Also, a private bath would mean that he and Merlin would be alone, and that, Arthur cannot yet bear. He could order another servant to do for him, but it would raise too many questions, and hurt Merlin’s pride. He won’t do that again.

So to the bath house Arthur goes, and he is greeted with rousing cheers as he enters. For a moment he is blinded by heat and steam, and then the room comes into view. It's been dug out in the side of the hill that the castle is nestled up against, the ground is hard-packed and strewn with rushes, the walls panelled with sturdy wood. Two great fireplaces have been lit with roaring fires that cast an orange glow over the room. There are three big tubs, all built into the floor, and steam rises from the water to curl under the ceiling.

The beer is already flowing freely, and the men are loud and full of cheer. They are also naked as babies, which would not have bothered Arthur before. Now he hardly knows where to look. Sir Ulfius appears with a tankard for Arthur, and he drinks it down in one.

“Woah there, your Majesty,” calls Sir Bedivere, a veteran knight who used to give Arthur piggy-back rides when he was just a tot. “The night is young still.”

Arthur raises his empty tankard in salute, but makes no other answer. Speech has come hard to him ever since they left the Citadel of Ismere and he was no longer high on adrenaline.

He goes into the adjacent room to undress, but has to make himself pull his shirt over his head. The drag of cloth over his skin triggers fever-pain, that tingling ache that usually accompanies sickness, and he shudders as his heart thuds harder in his chest. Merlin isn’t here, but he is still with Arthur, filling his head, heart, and body. Arthur wants Merlin, wants to feel Merlin strain against him as he finds completion on Arthur’s command.

Wrong, says the knot in Arthur’s stomach. Wrong, wrong, wrong!

Beautiful, says Arthur’s heart.

This room is isolated to keep the damp from getting in and soaking clothes and equipment, and there is no fire here. Gooseflesh breaks out over Arthur’s arms and thighs as he takes off his boots, trousers, socks and smallclothes.

Naked, he re-enters the bath, and the heat envelops him, heightening his fever, but failing to chase the chill in his bones. He’s barely taken three steps into the room before Gwaine bursts through the door, a struggling Merlin slung over his shoulder.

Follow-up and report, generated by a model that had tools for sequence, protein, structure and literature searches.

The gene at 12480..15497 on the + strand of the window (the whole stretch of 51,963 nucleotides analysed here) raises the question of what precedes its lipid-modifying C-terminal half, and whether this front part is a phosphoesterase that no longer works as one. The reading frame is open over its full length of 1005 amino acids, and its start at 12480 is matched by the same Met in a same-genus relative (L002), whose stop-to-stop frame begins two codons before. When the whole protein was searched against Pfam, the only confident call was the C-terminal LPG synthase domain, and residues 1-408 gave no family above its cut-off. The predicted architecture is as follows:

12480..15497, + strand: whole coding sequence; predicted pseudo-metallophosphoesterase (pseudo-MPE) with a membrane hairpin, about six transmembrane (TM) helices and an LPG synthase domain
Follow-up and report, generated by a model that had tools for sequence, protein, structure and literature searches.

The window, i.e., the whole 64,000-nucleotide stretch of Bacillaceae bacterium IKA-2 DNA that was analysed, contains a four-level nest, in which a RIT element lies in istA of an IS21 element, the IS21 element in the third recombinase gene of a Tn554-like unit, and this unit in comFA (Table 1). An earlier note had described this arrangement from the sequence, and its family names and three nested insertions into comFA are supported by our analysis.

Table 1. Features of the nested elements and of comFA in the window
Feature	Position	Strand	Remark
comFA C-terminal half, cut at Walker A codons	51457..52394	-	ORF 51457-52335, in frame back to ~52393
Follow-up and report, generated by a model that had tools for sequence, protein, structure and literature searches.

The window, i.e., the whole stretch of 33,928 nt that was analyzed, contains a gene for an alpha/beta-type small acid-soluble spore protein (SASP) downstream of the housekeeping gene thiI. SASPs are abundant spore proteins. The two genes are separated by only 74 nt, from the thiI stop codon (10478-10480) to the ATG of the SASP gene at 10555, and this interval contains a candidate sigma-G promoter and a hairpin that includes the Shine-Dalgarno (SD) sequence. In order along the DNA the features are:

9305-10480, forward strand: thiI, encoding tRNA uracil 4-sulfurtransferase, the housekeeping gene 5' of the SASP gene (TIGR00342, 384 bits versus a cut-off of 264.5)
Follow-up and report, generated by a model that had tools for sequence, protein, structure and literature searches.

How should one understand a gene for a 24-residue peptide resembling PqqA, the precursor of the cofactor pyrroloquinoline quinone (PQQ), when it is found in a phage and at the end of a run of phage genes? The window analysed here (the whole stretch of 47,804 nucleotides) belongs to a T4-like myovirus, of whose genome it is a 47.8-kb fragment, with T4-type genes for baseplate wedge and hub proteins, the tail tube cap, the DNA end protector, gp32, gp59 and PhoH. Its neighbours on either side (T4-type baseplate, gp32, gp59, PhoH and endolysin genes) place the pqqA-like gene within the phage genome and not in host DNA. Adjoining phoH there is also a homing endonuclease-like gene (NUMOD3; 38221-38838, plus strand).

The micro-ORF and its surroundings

“Look who I found hiding in the King’s chambers!” the knight shouts.

There's another cheer and several cries of “Merlin!”.

Arthur is never more proud of his knights than when they show their devotion to Merlin, which has grown so strong over the years that they would die for him as readily as for Arthur. It's ridiculous, he knows, but Arthur has even begun to judge potential knights on how well they get along with his manservant. Good men cannot help but love Merlin, bad men cannot help but dislike him.

Gwaine turns around so that Merlin is facing the room. Arthur holds his breath and stands very still, hoping to go unnoticed.

“Everyone,” the knight says over his shoulder. “This is Merlin. He needs a bath. Merlin, meet everyone.”

The men of Caerleon laugh, and the sound makes Arthur’s heart stop beating altogether. Merlin’s mouth is smiling, but his eyes are wounded and uncertain.

Arthur wants to howl. He can’t move. He wants to hide his nakedness, but he won’t be able to dress himself again before Gwaine overtakes him. It seems so inane, because Merlin has dressed and undressed Arthur a hundred times, and helped him in the bath just as many. Arthur has always been proud of the body he has built, the scars he has earned, and he has, he must admit, enjoyed showing off for Merlin, who had blushed and turned away at first but then come to be proud too, because it was a body he helped to take care of.